Hallie Twomey wipes away tears as filmmakers and the Twomey family talk about “Scattering CJ” after the film’s premiere Saturday at the Camden Opera House as part of the Camden International Film Festival. From left to right: Connor Twomey, John Twomey, Hallie Twomey and filmmaker Andrea Kalin. Lindsay Tice/Sun Journal

CAMDEN — For a few minutes Saturday, the darkened Camden Opera House filled with the colorful light of hundreds of glow sticks held aloft by the audience. Each soft light was labeled with a single word: Hope.

On the movie screen, the documentary “Scattering CJ” was ending, displaying image after image of people who had spread C.J. Twomey’s ashes around the world. As Linkin Park’s “One More Light” played, a soundtrack to the final scenes, the screen transitioned to listing the 1,100 places those people — and many others — had taken C.J.’s ashes. The Grand Canyon. The Great Pyramid of Giza in Egypt. The Notre Dame Cathedral in France. Antarctica. Fiji. Space.

The crowd rose, cheering and applauding. It would be the first of three standing ovations for the movie’s world premiere.

“It was beyond what I could have imagined,” said filmmaker Andrea Kalin. “Just the quietness and attention of the crowd. That last moment with ‘One More Light,’ I got the sense that we were all in this together.”

Film poster for “Scattering CJ.” Photo courtesy Spark Media

The hourlong documentary tells the story of Scattering CJ, an effort started by Auburn mom Hallie Twomey after the 2010 suicide of her son, C.J.

It was November 2013 when Twomey, heavily weighted by guilt and grief, posted a short plea on Facebook: Would anyone out there be willing to help spread her son’s ashes?

C.J. was 20 when he died. He’d been an active, outgoing young man, and his mother wanted him to have the adventure he’d always dreamed of but never got. She also desperately wanted him to know she would always love him and that she was sorry — sorry they had argued before he died, sorry she had not said “I love you,” sorry she did not realize he was in such pain.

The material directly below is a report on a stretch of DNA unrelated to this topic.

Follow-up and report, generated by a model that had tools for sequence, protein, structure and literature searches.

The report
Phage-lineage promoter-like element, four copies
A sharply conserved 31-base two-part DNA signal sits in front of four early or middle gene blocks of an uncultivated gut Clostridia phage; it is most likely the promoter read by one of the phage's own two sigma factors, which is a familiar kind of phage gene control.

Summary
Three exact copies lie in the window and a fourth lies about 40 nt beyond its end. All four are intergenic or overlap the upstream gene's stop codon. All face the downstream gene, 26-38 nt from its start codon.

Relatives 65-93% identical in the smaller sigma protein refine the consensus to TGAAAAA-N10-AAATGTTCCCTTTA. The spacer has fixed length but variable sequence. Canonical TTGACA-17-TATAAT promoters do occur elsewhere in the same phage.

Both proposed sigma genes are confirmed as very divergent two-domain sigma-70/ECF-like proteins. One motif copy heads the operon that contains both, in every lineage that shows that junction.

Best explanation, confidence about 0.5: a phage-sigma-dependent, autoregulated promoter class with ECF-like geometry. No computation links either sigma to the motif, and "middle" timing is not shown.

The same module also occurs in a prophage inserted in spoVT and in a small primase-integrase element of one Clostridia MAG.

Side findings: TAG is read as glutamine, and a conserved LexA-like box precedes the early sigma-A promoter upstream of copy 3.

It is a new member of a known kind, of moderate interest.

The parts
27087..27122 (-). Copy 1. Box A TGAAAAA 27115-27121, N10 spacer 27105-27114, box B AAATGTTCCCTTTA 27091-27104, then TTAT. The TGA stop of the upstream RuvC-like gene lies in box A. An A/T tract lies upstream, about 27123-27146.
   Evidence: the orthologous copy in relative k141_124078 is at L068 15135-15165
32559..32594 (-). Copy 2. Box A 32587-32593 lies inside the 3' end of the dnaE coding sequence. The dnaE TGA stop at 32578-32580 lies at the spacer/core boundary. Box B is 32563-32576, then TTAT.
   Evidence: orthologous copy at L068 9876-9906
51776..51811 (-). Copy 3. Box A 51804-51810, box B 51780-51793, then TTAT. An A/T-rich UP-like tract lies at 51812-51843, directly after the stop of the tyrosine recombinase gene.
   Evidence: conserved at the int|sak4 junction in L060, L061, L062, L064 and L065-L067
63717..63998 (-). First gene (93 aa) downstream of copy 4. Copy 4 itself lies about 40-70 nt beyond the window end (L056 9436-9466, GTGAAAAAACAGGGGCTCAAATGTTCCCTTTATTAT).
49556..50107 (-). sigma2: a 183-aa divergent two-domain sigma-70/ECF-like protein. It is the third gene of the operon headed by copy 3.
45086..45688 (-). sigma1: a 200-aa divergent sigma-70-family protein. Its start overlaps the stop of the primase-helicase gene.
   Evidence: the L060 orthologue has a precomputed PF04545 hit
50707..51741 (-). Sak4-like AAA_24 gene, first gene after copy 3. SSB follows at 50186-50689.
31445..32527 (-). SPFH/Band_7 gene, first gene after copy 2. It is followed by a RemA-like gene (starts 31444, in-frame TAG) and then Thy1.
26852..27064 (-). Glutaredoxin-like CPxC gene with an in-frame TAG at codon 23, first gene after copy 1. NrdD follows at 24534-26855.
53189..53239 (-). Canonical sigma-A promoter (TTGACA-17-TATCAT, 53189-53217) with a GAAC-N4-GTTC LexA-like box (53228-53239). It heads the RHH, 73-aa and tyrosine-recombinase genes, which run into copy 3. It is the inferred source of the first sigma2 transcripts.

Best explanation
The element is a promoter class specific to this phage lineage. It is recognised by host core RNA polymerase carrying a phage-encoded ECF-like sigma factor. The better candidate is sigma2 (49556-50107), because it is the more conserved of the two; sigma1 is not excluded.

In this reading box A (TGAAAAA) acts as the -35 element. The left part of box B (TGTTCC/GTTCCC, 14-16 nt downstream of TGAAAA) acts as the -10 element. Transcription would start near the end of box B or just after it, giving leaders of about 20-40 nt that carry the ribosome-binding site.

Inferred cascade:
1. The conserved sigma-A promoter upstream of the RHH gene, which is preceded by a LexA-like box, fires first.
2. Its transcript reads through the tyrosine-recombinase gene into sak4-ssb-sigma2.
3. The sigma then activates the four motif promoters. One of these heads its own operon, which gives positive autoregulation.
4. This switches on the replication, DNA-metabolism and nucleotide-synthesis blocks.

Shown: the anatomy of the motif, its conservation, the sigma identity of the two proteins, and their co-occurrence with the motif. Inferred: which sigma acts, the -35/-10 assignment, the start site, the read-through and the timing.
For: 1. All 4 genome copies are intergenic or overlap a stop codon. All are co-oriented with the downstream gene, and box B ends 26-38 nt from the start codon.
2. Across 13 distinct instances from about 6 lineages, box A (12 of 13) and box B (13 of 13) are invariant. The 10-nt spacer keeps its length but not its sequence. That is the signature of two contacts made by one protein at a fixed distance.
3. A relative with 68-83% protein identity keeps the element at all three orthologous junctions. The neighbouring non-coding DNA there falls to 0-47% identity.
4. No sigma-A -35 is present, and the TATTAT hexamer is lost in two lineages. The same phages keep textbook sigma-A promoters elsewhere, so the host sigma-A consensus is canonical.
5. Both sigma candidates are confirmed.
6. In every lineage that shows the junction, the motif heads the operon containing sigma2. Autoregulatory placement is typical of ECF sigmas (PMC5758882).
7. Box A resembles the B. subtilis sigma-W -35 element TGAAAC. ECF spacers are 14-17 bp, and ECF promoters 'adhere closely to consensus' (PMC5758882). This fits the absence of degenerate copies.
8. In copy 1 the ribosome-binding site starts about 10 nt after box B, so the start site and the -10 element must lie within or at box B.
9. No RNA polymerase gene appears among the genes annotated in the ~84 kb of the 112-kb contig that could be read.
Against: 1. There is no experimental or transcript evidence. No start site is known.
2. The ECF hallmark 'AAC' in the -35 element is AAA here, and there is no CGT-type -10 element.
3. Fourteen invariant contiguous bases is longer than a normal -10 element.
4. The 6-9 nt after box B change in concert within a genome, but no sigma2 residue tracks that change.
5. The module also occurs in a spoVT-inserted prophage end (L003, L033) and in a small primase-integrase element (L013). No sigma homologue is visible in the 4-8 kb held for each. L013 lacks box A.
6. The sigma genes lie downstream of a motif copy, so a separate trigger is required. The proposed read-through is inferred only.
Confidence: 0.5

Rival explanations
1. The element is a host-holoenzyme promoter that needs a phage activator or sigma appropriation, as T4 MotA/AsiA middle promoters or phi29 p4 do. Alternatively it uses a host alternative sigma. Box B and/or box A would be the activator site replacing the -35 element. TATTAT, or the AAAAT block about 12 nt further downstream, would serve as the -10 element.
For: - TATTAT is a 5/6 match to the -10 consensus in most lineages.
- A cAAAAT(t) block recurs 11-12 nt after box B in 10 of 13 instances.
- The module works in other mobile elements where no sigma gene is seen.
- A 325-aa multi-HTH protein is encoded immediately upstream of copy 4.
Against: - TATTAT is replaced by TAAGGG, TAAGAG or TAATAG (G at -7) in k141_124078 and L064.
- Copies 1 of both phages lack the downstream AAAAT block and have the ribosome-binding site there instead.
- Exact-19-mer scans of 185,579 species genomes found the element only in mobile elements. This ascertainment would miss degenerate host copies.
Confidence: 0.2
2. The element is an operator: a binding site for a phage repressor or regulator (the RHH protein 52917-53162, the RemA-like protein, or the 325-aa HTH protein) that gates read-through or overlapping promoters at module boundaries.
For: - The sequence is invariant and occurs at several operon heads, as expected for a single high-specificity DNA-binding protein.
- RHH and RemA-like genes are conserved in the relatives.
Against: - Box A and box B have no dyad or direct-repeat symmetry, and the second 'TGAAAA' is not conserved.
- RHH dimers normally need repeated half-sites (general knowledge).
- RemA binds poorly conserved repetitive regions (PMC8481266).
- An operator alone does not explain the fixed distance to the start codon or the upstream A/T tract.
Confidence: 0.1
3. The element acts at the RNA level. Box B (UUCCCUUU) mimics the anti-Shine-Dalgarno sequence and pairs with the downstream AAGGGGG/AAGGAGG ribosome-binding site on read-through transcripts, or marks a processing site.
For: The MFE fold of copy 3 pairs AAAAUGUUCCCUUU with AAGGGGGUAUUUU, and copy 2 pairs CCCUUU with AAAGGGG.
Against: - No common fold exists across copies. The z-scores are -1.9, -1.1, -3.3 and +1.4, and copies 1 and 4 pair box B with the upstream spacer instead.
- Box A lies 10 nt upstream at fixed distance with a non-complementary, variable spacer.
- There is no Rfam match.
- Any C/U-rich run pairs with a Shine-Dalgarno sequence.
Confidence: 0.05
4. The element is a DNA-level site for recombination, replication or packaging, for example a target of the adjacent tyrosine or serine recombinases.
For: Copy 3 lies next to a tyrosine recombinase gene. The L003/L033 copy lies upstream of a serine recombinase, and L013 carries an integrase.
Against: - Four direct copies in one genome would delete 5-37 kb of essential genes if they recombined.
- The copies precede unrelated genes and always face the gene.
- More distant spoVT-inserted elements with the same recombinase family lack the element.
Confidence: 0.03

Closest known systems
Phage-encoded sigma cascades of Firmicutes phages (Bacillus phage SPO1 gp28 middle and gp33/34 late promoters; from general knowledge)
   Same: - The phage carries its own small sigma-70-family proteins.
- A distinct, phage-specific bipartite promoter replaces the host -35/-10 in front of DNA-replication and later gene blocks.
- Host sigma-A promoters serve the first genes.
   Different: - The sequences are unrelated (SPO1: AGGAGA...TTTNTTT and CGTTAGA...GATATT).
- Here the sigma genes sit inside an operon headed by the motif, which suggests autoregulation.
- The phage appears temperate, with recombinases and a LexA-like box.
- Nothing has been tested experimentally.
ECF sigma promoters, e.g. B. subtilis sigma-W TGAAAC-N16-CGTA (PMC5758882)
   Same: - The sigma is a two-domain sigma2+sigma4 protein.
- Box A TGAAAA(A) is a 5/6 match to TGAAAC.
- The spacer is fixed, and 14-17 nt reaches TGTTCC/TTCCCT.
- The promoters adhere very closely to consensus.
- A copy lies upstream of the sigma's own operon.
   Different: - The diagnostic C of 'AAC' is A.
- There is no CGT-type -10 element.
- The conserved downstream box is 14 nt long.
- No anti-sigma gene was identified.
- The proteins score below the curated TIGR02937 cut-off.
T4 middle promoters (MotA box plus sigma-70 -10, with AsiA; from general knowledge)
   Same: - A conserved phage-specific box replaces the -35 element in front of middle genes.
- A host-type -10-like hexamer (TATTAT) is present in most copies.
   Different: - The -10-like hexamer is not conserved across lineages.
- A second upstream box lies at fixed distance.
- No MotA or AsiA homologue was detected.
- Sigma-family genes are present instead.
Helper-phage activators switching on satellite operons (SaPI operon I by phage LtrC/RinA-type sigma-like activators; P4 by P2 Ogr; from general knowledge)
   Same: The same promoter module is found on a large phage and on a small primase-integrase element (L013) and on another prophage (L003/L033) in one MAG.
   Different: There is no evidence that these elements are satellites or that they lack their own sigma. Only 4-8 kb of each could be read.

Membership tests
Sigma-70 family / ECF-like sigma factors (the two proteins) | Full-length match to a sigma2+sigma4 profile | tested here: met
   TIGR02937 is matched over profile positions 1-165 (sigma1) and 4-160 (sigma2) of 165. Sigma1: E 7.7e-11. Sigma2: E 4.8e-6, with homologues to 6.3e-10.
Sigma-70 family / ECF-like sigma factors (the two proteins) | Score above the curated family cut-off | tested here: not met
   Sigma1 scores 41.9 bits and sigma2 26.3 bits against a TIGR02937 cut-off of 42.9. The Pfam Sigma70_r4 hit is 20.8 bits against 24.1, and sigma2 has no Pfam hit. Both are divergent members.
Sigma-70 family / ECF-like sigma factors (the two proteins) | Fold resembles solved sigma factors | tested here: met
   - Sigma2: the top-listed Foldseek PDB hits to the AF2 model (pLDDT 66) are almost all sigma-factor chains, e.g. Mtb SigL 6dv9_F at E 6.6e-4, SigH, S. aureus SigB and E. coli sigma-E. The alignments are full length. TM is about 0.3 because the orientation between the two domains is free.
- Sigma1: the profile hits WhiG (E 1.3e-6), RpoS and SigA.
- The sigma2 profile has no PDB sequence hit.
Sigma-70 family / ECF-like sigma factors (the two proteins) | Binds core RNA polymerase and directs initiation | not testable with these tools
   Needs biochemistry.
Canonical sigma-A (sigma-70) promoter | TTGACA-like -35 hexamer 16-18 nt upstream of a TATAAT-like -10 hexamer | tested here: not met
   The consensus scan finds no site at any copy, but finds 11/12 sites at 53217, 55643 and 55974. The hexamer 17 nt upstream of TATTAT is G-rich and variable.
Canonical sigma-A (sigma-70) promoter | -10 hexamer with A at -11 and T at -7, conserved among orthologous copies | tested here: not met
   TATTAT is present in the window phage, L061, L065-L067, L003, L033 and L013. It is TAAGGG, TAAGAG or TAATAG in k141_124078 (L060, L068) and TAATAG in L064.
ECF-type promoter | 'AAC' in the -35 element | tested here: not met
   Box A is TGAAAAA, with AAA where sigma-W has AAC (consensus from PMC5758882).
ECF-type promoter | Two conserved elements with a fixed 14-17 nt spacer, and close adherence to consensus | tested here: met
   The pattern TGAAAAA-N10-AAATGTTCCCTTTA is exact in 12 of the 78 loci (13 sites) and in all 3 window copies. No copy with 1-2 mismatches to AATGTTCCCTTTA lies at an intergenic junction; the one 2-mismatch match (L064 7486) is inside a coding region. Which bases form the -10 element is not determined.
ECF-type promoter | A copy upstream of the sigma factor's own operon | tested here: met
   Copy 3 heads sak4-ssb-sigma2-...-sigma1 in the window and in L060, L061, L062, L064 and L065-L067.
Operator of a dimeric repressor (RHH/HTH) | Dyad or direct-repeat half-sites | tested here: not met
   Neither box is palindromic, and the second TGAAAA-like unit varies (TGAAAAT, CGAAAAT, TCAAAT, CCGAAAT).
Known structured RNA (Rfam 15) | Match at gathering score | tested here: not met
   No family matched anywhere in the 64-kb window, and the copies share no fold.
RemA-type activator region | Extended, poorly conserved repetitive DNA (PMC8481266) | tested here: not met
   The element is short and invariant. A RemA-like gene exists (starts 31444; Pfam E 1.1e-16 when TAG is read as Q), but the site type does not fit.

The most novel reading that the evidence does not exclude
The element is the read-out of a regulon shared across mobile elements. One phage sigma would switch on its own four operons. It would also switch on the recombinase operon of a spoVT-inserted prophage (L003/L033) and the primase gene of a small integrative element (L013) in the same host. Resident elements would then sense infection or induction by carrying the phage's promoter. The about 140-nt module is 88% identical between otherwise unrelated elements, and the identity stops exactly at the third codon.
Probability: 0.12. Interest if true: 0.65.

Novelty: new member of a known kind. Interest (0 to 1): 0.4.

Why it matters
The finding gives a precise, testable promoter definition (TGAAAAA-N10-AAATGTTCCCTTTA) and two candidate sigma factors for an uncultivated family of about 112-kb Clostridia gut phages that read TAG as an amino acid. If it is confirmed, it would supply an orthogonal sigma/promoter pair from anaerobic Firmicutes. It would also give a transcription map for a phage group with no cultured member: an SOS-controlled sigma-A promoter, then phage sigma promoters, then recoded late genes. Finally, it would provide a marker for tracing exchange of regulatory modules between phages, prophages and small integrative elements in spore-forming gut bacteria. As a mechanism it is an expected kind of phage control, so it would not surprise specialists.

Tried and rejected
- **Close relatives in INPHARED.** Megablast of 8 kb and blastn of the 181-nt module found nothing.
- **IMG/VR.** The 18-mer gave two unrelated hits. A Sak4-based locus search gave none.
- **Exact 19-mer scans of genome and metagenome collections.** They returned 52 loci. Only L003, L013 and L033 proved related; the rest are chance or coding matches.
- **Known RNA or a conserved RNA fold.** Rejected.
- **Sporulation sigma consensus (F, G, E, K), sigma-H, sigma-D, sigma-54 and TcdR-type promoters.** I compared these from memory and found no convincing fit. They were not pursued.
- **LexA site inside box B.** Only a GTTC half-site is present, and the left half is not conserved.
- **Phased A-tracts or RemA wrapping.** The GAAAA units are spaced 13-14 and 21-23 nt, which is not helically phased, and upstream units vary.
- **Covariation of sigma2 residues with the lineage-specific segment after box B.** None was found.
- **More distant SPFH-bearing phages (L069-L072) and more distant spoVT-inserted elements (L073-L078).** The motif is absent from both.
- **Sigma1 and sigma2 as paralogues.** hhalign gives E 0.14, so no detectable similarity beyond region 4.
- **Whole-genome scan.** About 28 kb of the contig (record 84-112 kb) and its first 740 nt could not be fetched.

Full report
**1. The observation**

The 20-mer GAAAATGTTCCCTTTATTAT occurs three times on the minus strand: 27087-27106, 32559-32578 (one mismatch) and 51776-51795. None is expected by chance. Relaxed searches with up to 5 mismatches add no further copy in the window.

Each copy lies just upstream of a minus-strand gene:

“YOU MUST AGREE TO SAY THAT,” Twomey had written on her Facebook page to prospective volunteers. “Because I am, and I need him to hear it as the last thing he hears before he takes off.”

Twomey’s story first appeared in the Sun Journal soon after her Facebook post. Other news outlets, including The Associated Press and CNN, quickly followed. The story went national. Then international.

Twomey had hoped a couple of hundred people might offer to help scatter her son’s ashes. More than 22,000 have since volunteered.

The story caught the attention of David Lobatto, a British screenwriter. He took it to Kalin, a documentary filmmaker. They agreed to co-produce a documentary on the Twomey family, Scattering CJ and the lives the effort has touched.

It took the co-producers, Kalin’s Spark Media and a small, dedicated team four years to make the film.

On Saturday, hundreds of people gathered at the Camden Opera House for the world premiere during the Camden International Film Festival. The 500-seat opera house was nearly full with people from Maine, from out of state, from out of the country. Some knew very little about Scattering CJ. Others had watched it unfold firsthand.

“It’s going to be a very emotional day,” said Kristy Norcross, a friend of the Twomey family.

C.J. Twomey was an active, outgoing young man who craved adventure. Photo courtesy Twomey family and Spark Media

The documentary opened with family videos of C.J. as a chubby baby, a gabby toddler, an excited preschooler. It showed him as a young adult, as outgoing and chatty as he was as a youngster. Then it switched to C.J.’s father crying.

“When I look back to that day (of his suicide), it just went so fast,” John Twomey said to the camera. “I was very surprised that he escalated so quickly and got so upset.”

The film showed the family’s grief, then the Facebook plea. It showed the outpouring of support and offers of help.

And it showed how Scattering CJ did more than spread a young man’s ashes. It gave people an opening to talk about suicide.

“Scattering CJ has opened a door,” Hallie Twomey said to the camera. “So many people are looking to have a supportive community. The page itself has taken on a life of its own. There are people now that are reaching out and helping each other.”

It’s a supportive community that the filmmakers wanted to join, not just to show. The documentary listed multiple crisis lines and groups for people considering suicide. At the premiere Saturday, mental health professionals stood in the back of the room and offered help to anyone who needed it. Afterward, Spark Media and the American Association of Suicidology presented a Mental Health Awareness Boot Camp.

And outside, just across the street from the opera house, Gardiner mother Linda Lajoie set up her Silhouette Project, an exhibit to bring awareness to veteran suicide.

The film itself was dedicated to “persons with mental illness and the people who love them.”

After the documentary ended — and the crowd gave three standing ovations — Twomey reflected on the film and its long-awaited premiere.

“I thought it was beautiful,” she said. “I don’t know what I went in expecting, but this felt like the absolute right place to do this for the first time. And I’m not spiritual, but I felt love in there. It’s amazing. I’m so touched.”

 

 

 


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